Buckeye Layer Cake


Depending on what part of the world you are in, you may or may not know what a buckeye is. If you happen to be from Ohio, you’ll definitely know buckeye, as they are basically the state’s official dessert! Peanut butter fudge balls partially dipped in chocolate to resemble the nut of a buckeye tree, buckeyes are basically like a Reese’s Cup, but in bonbon/ball form. While I do not have any actual ties to Ohio(beyond eventually wanting to start a Japanese-themed radio show there called Ohayou, Ohio since ohayou is the Japanese word for good morning and it is pronounced the same way), I did find it fascinating that such a dessert existed. That and I love doing my own interpretations on classic Americana desserts. For this specific recipe, I wanted to pay homage to the closest thing I know from Ohio, which is Christina Tosi. So I went with a layer cake, decorated in Milkbar fashion, and to use up the cake scraps, I made those into the buckeye cake truffles that adorned the cake itself! The idea of cake truffles is fun just because it uses up all of your cake scraps that are not being used in the layer cake, so there is essentially 0 waste when it comes to making this specific cake!

For the layers, we have a brown butter peanut cake, a vanilla soak, dark chocolate mousse, peanut butter-blonde chocolate ganache, and the buckeye cake truffles. The idea behind doing peanut butter in the cake instead of chocolate was because I wanted to use the cake scraps for the cake truffles, so if the cake was chocolate, then it would not be a true buckeye. That and using brown butter and peanut butter in the cake made for a wonderful combination, as the brown butter really accentuates the peanut flavor in the batter. I used blonde chocolate in the ganache(which you can sub with butterscotch chips), since the blonde chocolate’s caramel-y notes also pair beautifully with peanut butter to give the ganache a peanut brittle-like flavor! That and it is a perfect homage to the peanut butter fudge that a buckeye is made from. The chocolate components are obviously there to add the chocolate flavor in a buckeye, with the mousse being used instead of a second ganache because I wanted there to be some lightness to the dessert – everything is inherently heavy, so any sort of light, airy component was more than welcomed to break up the richness.

For the brown butter peanut cake:
1 stick unsalted butter, browned
4oz peanut butter
1 cup milk
2 tbsp cider vinegar
1 tsp vanilla extract
1 1/2 cups all-purpose flour
1 tsp baking soda
3/4 cups granulated sugar
a pinch of salt

In a bowl, mix together the brown utter peanut butter, milk, vinegar, and vanilla. Sift into that the other ingredients. Fold together to form your batter. Pour into a lined sheet tray and bake at 350 degrees F for 22 minutes. Allow the cake to fully cool before cutting out 2 6-inch rounds and making the third using cake scraps. Reserve any remaining cake scraps(try to aim for about 2-3 oz), as you will use those to make your buckeye cake truffles with!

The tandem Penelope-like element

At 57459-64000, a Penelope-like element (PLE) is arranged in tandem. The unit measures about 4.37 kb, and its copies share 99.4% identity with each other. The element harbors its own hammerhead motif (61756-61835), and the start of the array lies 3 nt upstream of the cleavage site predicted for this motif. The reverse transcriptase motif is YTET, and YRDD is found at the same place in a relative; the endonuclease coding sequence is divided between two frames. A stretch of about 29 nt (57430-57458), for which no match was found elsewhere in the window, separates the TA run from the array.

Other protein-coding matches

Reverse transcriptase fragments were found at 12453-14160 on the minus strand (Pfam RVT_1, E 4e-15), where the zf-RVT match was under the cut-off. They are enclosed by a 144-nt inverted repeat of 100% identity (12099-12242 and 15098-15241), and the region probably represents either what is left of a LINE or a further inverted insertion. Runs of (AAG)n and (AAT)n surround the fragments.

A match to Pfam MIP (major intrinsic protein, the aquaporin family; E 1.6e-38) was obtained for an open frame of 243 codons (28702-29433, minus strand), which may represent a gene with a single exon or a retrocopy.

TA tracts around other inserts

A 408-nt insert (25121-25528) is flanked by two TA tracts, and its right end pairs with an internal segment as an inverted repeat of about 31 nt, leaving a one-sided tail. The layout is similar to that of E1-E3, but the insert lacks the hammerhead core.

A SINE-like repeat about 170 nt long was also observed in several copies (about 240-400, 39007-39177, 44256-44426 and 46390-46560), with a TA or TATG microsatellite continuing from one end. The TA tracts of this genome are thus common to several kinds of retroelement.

For the soak:
1 cup milk
1 tsp vanilla extract
a pinch of salt

Mix together. Keep refrigerated until time to assemble.

For the peanut butter ganache:
1/2 cup peanut butter
1/2 cup milk
1 1/2 tsp gelatin powder + 1 tbsp cold water
4oz blonde chocolate
a pinch of salt
1 tsp vanilla extract

In a pot, heat up peanut butter, milk, gelatin, blonde chocolate, and salt. Once everything is dissolved together and fully smooth, pour the mixture through a sieve to remove any lumps and allow the peanut butter ganache to cool down. Finish with the vanilla.

For the dark chocolate mousse:
8oz dark chocolate chips
1/4 cup heavy cream
2 tbsp unsalted butter
2 tbsp granulated sugar
a pinch of salt
8oz cream cheese
2 tbsp cocoa powder

In a pot, melt down the chocolate, cream, butter, sugar, and salt. In another bowl, cream together the cream cheese with cocoa powder. Stir the two mixtures together until combined.

For initial assembly:
Line a 6-inch ring mold with acetate. Then start by placing down your cake scrap layer first. Then pour on 1/3 of the soak. Add on 1/3 of the dark chocolate mousse, and 1/3 of the peanut butter ganache, spreading them on as evenly as possible. Repeat with the next round of cake and fillings. For the top layer of the cake, start with the cake round and soak. Swirl the ganache and mousse together on top of that layer. Freeze the cake for at least 2 hours before attempting to unmold.

For the cake truffles:
2-3oz cake crumbs/scraps
2oz peanut butter
2 tbsp confectioner’s sugar
a pinch of salt
1/4 tsp vanilla extract
1/4 cup dark chocolate chips

In a bowl, mix together the cake, peanut butter, sugar, salt, and vanilla to form your truffle base. Divide into 6 even balls and place in the freezer. Over a double boiler, melt down the dark chocolate until half-melted. Take the chocolate off heat and stir until fully melted. Skewer and dip your truffle balls into the chocolate, tapping the truffles to remove any excess – ideally you only want to cover the truffles about 1/2 to 3/4 the way up, leaving a clean circle of the peanut butter truffle filling exposed. Place the truffles, dipped side down, on either parchment or acetate, removing whatever skewer you used to dip them with, and place back in the freezer for at least another hour. Garnish the top of your buckeye cake with these truffles to finish.

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